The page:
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Facebook Freedom of Speech or Harassment

The Supreme Court is drawing the line between Facebook Freedom of Speech and Harassment.
ALTOONA, BLAIR COUNTY - The Supreme Court is drawing the line between Facebook Freedom of Speech and Harassment.

Monday the Supreme Court agreed to hear the case of a Pennsylvania man who was sentenced to four years in prison for threatening his wife online. Anthony Elonis posted about his ex-wife and said “I’m not going to rest until your body is a mess.”

His lawyer argued that he never actually intended to hurt her and that he was just using his freedom of speech. But the jury convicted him. Now the Supreme Court agreed to hear his argument. Forty-five years ago the Supreme Court ruled that making a threatening statement is not a crime unless there is a "true threat" with intent to follow through.

Cyber bullying is a major issue locally and people here are following this case to see where those lines are being drawn. Technology experts say people still feel like that they can say anything they want online and get away with it, but this case could answer that question.

Bill Latchford is a local internet safety advocate. He doesn't think the internet should change people's rights. And he thinks online harassment should be treated the same way criminally as in-person.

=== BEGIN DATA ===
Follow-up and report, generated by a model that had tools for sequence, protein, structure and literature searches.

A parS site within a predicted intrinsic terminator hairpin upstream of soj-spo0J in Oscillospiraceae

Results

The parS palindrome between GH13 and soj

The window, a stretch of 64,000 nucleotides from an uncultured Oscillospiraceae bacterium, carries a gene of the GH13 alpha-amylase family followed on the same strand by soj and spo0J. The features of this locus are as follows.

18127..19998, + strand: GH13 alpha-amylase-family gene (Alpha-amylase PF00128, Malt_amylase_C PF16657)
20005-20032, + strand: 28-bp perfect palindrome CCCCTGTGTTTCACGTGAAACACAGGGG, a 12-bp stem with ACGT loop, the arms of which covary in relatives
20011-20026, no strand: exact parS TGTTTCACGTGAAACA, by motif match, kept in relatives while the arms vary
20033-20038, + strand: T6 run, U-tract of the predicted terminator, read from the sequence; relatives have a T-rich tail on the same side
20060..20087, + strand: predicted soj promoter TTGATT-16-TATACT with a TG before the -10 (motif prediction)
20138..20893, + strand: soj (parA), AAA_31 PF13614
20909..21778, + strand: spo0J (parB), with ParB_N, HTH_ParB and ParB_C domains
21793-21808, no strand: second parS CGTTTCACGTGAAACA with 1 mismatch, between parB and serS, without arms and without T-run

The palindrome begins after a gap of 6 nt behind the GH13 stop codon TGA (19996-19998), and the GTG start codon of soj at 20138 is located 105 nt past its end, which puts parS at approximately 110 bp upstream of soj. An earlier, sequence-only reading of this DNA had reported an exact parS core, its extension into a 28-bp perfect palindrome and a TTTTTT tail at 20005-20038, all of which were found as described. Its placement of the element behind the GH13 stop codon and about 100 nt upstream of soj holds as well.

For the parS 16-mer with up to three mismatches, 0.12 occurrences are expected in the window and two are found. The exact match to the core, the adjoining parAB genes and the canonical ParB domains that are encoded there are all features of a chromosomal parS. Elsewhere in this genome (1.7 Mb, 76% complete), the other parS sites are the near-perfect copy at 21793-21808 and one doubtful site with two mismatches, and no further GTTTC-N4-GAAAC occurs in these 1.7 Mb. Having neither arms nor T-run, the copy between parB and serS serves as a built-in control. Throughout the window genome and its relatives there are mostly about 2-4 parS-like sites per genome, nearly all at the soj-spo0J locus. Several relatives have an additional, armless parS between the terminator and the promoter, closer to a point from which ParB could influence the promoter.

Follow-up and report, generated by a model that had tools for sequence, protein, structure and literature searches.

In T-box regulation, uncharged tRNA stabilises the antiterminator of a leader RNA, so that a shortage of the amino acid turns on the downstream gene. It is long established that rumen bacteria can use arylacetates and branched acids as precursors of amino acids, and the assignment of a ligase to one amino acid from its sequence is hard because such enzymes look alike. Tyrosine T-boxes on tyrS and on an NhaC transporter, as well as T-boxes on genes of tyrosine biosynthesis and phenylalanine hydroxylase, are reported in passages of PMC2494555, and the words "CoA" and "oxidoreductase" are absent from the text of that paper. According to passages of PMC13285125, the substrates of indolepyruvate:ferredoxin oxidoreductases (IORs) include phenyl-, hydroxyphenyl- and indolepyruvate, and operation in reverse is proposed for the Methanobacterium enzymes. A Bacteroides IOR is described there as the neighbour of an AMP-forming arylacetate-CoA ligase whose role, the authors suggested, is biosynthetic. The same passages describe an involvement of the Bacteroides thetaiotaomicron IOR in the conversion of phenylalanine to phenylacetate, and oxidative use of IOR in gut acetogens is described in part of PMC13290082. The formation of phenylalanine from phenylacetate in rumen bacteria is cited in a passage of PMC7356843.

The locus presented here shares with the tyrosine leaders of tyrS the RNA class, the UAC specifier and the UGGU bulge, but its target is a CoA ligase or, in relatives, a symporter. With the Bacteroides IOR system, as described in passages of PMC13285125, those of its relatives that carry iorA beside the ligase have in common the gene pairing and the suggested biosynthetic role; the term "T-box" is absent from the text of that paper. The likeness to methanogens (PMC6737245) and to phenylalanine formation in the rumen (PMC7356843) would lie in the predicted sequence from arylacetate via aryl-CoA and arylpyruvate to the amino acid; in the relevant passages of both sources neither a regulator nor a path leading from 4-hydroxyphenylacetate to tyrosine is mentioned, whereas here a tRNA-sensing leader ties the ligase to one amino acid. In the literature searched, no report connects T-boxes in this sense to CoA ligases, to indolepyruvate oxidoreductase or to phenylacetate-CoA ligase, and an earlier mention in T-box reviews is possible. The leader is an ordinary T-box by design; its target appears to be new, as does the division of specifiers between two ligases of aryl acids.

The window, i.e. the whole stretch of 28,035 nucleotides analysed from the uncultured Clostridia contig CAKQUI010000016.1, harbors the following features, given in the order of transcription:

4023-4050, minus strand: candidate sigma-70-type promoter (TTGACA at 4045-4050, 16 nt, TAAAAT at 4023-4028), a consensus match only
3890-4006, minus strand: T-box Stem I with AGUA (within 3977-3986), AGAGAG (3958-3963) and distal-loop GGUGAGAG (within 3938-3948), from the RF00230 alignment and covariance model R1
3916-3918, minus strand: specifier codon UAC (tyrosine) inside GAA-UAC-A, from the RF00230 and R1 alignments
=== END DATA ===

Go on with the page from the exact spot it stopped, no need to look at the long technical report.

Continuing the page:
Nancy Dybus says she's been the victim of online harassment. Someone online said things that made it hard on her family. Now she wonders what people are thinking and what they have read online when they look at her.  

She tried going to the police but there wasn't a lot they could do. Attorney Tom Dickey says it's a complicated legal issue to decide between freedom of speech and harassment. It involves the exact words said, how they’re said, and if the statement was made out of anger.

In 2009, charges were dismissed against his client who had sent a threatening letter to then Governor Ed Rendell. His client sent Rendell a letter saying he prayed someone would kill him. The judge decided that was a freedom of speech issue.

Dickey says each case has to be looked at individually and closely and if someone is charged just because of words and no actions there is a case to be made for the 1st Amendment.

But Dybus wants someone to have the authority to step in before the harassment gets so bad people do something drastic.
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